How to get your child to sit on the potty and stay on the potty long enough to relax and do her business: this is one of the central dilemmas of potty training, whatever age your child may be. I'm currently potty training my third child. Since I've done early potty training with my 2nd and 3rd children, I've had a chance to hone my skills for entertaining a wide range of ages on the potty, from 3 years all the way down to 5 months. Whatever age your child may be, here are some ideas for getting them to take a seat and make a deposit.
Potty Time Entertainment
The list below is roughly in the order I have used them with my third child, who started sitting on the potty around 5 months and is now about 18 months.
Books are my most often used entertainment device in the potty department, regardless of age. The smallest ones love the board books of baby faces and nursery rhymes. As they get a little older, we might have to kick it up a notch to board books that are also songs. Once we hit the busy toddler age, I find the key is novelty. As soon as my 18-month-old loses interest in a book, I'm ready with another one to take its place. I recently got my 3-year-old to transition from a small potty to the toilet by giving her special books that she could look at by herself only while sitting on the toilet. Reading material is how my older children still choose (independently) to entertain themselves on the toilet, just like the adults. But sometimes, especially with my busy toddler, the board books don't cut it.
Rhymes with finger play such as pat-a-cake and itsy-bitsy spider were enough to keep my 6-month-old excited about sitting on the potty for many months.
We got through one period of particularly reluctant potty use when I hit on the idea of letting my one-year-old draw with a pen. Because she regularly draws on the floor and walls, I normally do my best to keep pens out of my toddler's hands. Which made pens the perfect forbidden object to be used only in the bathroom under my supervision. I would carry her to the bathroom, let her turn on the light switch herself, take a notebook and pen out of the bathroom cupboard where I had stashed them, hand her the pen and then put her on the potty. The pen in hand was enough to overcome any resistance. Best of all, I could leave the room for short spurts while she kept herself entertained drawing in the notebook placed on top of a stool in front of her. Before the pen, we also used a magna-doodle for entertainment periodically.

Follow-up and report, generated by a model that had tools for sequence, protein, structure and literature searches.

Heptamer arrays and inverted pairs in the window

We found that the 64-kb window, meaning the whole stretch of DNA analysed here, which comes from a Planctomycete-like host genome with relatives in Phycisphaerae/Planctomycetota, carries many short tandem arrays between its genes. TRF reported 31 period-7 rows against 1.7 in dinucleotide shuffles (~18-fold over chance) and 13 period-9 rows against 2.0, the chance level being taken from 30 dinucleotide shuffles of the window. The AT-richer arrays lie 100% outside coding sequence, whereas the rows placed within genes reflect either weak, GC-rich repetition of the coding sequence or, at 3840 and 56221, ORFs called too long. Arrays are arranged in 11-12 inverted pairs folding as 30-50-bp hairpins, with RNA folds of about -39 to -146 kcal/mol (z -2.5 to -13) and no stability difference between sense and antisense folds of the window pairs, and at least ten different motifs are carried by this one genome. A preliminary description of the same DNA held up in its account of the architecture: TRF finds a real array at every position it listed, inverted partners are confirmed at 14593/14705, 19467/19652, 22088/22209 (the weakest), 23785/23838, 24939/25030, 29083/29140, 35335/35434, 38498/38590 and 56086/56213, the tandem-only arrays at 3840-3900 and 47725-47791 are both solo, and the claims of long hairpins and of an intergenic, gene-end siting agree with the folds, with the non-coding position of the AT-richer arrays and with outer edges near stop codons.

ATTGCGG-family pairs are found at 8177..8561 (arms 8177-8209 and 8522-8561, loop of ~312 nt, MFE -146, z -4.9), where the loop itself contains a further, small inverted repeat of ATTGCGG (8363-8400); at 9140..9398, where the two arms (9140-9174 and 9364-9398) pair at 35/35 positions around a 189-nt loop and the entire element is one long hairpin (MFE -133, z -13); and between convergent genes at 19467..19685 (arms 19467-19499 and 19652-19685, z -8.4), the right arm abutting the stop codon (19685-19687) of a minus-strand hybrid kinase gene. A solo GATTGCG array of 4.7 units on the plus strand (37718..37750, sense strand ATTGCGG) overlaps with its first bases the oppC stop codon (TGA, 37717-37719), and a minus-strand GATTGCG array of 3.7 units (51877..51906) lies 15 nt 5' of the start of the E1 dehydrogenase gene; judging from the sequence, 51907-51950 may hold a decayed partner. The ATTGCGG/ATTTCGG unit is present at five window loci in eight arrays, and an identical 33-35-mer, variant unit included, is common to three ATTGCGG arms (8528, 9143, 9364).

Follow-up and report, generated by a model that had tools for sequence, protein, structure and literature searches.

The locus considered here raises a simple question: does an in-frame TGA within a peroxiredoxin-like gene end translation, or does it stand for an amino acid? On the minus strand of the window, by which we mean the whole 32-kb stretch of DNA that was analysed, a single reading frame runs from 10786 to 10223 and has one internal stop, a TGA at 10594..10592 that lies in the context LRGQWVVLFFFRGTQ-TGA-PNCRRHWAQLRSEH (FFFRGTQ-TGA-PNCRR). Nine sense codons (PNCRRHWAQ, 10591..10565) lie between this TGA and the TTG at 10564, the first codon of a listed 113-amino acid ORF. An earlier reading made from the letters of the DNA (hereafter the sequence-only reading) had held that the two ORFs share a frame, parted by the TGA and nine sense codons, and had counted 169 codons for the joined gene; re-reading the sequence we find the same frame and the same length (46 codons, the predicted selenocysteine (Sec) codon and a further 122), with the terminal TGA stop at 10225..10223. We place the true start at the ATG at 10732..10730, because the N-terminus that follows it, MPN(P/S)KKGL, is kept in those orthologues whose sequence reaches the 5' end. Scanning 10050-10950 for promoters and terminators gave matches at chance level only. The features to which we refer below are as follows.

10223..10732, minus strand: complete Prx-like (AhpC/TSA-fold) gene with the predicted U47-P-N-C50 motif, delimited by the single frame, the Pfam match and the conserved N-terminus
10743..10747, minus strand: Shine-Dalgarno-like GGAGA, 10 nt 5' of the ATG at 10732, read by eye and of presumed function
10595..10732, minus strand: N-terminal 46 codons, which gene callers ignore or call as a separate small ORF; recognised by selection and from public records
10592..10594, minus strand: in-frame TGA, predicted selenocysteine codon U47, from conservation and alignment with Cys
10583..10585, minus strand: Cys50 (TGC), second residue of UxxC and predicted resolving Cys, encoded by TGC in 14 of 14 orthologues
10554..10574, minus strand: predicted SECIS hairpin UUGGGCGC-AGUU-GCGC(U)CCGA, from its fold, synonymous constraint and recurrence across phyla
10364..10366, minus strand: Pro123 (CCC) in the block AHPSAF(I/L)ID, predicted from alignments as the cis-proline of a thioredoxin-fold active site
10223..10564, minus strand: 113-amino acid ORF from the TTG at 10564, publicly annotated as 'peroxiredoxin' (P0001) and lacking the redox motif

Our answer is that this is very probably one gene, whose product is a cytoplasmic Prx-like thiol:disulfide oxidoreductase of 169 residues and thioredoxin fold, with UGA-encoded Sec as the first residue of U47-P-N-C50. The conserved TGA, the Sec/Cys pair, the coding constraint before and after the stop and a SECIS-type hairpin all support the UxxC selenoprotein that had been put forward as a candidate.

Yep, food. Especially right after she wakes up dry, when I know she needs to go, but she's still a little grumpy and resists me taking her to the bathroom. Sometimes a little bowl of cereal, a pita chip, or even one chocolate chip is enough to get her to stop fighting me and take a seat.
With my very busy, very energetic toddler, this is currently my ace-in-the-hole. When I cannot convince her on my own to come sit on the potty, I enlist one or both of her older siblings to come to the bathroom with us. Sometimes they will sit next to her while I read them both a book, or sometimes I can get the older sibling to read her a story or do a finger play with her.